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that one, as well as all; for that one adviseth him to that which is right and good, as well as the whole; and they do but homologate or confirm that which that one hath already asserted: yet Jesus Christ, who is the author of order, and not of confusion, will not have a brother cut off, or reputed a publican, for refusing to hear one or two, but fo. refusing to hear the church. And if it be objected, that the Church of Rome, and all other false churches, make use of this Scripture, and cover their persecution, and cruelty, and oppression by it; and thou sayest no more than they say:

I I suppose no man will be so unreasonable as to affirm, that the Church of Rome abusing this Scripture, will make it false in itself; but how we differ in our application of this Scripture, shall be spoken of hereafter. I am not now claiming right to this power, as due to us (that is reserved for another place;) but this, I say, is that which I now aver to be manifest from the Scripture testimony, and to be in itself an unquestionable truth, that Jesus Christ intended there should be order and government in his church; which is the thing at present in hand to be proved : which if it be so really true (as it cannot be denied) then I hope it will also necessarily follow, that such who really and truly are the church of Christ, have a right to exercise this order and government.

Secondly, That the apostles and primitive christians did practise order and government, we need but read the history of the Acts, of which I shall mention a few pregnant and undeniable testimonies ; as we may observe in the very first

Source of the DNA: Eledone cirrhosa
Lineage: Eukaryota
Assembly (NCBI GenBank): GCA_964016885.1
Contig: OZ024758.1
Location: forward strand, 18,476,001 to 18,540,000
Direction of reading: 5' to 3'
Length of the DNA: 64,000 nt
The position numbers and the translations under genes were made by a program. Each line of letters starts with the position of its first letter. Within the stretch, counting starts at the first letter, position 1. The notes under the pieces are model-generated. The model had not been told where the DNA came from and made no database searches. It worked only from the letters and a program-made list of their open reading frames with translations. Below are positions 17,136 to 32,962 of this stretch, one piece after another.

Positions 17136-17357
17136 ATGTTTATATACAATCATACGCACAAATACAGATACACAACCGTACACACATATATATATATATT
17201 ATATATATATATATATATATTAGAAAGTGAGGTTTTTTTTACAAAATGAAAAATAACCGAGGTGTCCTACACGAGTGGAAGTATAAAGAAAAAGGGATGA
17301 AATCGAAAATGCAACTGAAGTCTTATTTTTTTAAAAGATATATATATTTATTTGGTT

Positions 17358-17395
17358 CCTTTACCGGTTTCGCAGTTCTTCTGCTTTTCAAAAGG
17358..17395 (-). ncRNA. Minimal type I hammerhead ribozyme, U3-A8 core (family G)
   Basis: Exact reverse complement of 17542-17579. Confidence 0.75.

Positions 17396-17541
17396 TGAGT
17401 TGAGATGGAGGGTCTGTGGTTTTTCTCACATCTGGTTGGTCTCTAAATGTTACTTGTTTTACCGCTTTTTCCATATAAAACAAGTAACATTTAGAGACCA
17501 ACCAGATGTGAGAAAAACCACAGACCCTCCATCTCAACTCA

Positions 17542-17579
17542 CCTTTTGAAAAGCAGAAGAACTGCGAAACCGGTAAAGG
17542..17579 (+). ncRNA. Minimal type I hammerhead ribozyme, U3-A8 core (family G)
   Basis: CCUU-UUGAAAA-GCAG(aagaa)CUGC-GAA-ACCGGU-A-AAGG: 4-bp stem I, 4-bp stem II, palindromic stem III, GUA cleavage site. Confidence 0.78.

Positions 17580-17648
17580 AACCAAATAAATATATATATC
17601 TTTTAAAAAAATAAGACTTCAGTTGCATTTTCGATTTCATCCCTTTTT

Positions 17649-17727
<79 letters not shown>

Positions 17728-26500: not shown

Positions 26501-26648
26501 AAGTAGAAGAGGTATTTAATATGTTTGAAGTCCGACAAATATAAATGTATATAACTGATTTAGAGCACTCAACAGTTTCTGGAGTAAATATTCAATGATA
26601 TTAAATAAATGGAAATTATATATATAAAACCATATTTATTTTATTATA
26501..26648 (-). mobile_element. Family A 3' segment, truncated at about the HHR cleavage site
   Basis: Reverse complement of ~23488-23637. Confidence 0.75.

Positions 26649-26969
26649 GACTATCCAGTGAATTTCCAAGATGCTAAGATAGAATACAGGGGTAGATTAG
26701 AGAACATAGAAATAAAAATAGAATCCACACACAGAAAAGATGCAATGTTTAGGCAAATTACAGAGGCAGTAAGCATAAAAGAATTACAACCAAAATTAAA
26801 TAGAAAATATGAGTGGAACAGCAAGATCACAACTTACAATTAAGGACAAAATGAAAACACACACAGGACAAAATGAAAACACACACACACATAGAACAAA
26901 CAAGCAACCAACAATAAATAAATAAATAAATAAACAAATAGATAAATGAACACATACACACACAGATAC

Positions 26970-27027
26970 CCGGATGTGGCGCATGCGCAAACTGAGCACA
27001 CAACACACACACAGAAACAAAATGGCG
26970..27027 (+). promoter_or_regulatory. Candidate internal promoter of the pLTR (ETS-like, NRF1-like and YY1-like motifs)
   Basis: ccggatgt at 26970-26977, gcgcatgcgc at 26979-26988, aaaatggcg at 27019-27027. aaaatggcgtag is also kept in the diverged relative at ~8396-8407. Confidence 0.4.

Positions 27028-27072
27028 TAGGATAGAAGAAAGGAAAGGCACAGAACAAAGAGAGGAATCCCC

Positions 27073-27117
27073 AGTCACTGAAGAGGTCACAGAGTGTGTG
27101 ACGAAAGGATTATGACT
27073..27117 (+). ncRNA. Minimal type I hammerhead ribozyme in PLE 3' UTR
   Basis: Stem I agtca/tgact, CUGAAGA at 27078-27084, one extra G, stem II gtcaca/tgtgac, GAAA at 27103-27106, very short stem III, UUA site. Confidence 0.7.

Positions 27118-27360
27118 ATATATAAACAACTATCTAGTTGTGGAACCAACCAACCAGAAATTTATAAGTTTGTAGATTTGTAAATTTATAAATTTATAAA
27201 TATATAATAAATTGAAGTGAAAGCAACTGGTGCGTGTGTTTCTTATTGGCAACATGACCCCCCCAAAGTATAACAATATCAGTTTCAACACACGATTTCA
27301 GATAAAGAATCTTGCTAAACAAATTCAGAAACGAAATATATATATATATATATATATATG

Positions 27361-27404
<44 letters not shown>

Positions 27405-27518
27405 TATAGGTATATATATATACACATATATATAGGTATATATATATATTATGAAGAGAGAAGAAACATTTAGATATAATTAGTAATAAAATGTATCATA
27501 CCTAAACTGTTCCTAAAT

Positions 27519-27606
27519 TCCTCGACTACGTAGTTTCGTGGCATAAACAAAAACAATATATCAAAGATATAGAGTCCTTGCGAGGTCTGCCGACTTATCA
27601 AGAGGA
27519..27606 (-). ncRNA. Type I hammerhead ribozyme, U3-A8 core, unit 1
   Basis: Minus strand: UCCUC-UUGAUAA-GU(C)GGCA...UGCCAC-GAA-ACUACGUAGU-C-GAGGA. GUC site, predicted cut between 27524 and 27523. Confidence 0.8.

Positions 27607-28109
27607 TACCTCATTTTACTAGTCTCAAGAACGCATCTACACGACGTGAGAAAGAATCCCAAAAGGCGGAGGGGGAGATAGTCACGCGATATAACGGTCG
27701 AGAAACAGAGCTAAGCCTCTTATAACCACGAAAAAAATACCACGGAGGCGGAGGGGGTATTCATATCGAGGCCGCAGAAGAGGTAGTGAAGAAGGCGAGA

chapter of the Acts, from verse 13. to the end ; where at the very first meeting the apostles and brethren held together after the ascension of Christ, they began orderly to appoint one to supply the place of Judas; it may be thought this was a needless ceremony; yet we see how the Lord countenanced it. I hope none will say, that the apostles appointing of these two men, or him, upon whom the lot did not fall, contradicted their inward freedom, or imposed upon it; but both agreed very well together ; the one in the will and movings of God in appointing, and the other in the same, in submitting to their appointment.

Moreover, after they had received the Holy Ghost, you may read, Acts, 6. so soon as there was an opportunity, how they wisely gave order concerning the distribution for the

poor,
and

appointed some men for that purpose. So here was

. order and government, according to the present necessity of the case: and the Lord God was well pleased with it, and the word of God increased, and the number of the disciples multiplied in Jerusalem greatly. Might they not have said then, as some say now; We will give our charity to whom we see cause; and we will take no notice of your appointments and orders : whether would God have approved of such, yea, or nay?

Thirdly, When that the business of circumcision fell in, whether it was fit or not to cir. cumcise the Gentiles? We see, the apostles saw not meet, to suffer every one to follow their own minds and wills : they did not judge, as one confusedly supposeth, That this difference in an outward exercise, would commend the unity of the

true faith : nay they took another method. It is said expressly, Acts 15. 6. And the apostles and elders came together, to consider of this matter ; and after there had been much disputing about it, (no doubt then there were here diversities of opinions and judgments) the apostles and elders told their judgments, and came also to a positive conclusion. Sure some behoved to submit, else they should never have agreed. So those that were the elders, gave a positive judgment; and they were bold to say, That it pleased not only them but the Holy Ghost. By all which it doth undeniably appear, that the apostles and primitive saints, practised a holy order and government among themselves : and I hope none will be so bold as to say, they did these things without the leadings of the Spirit of God, and his power and authority concurring, and going along with them,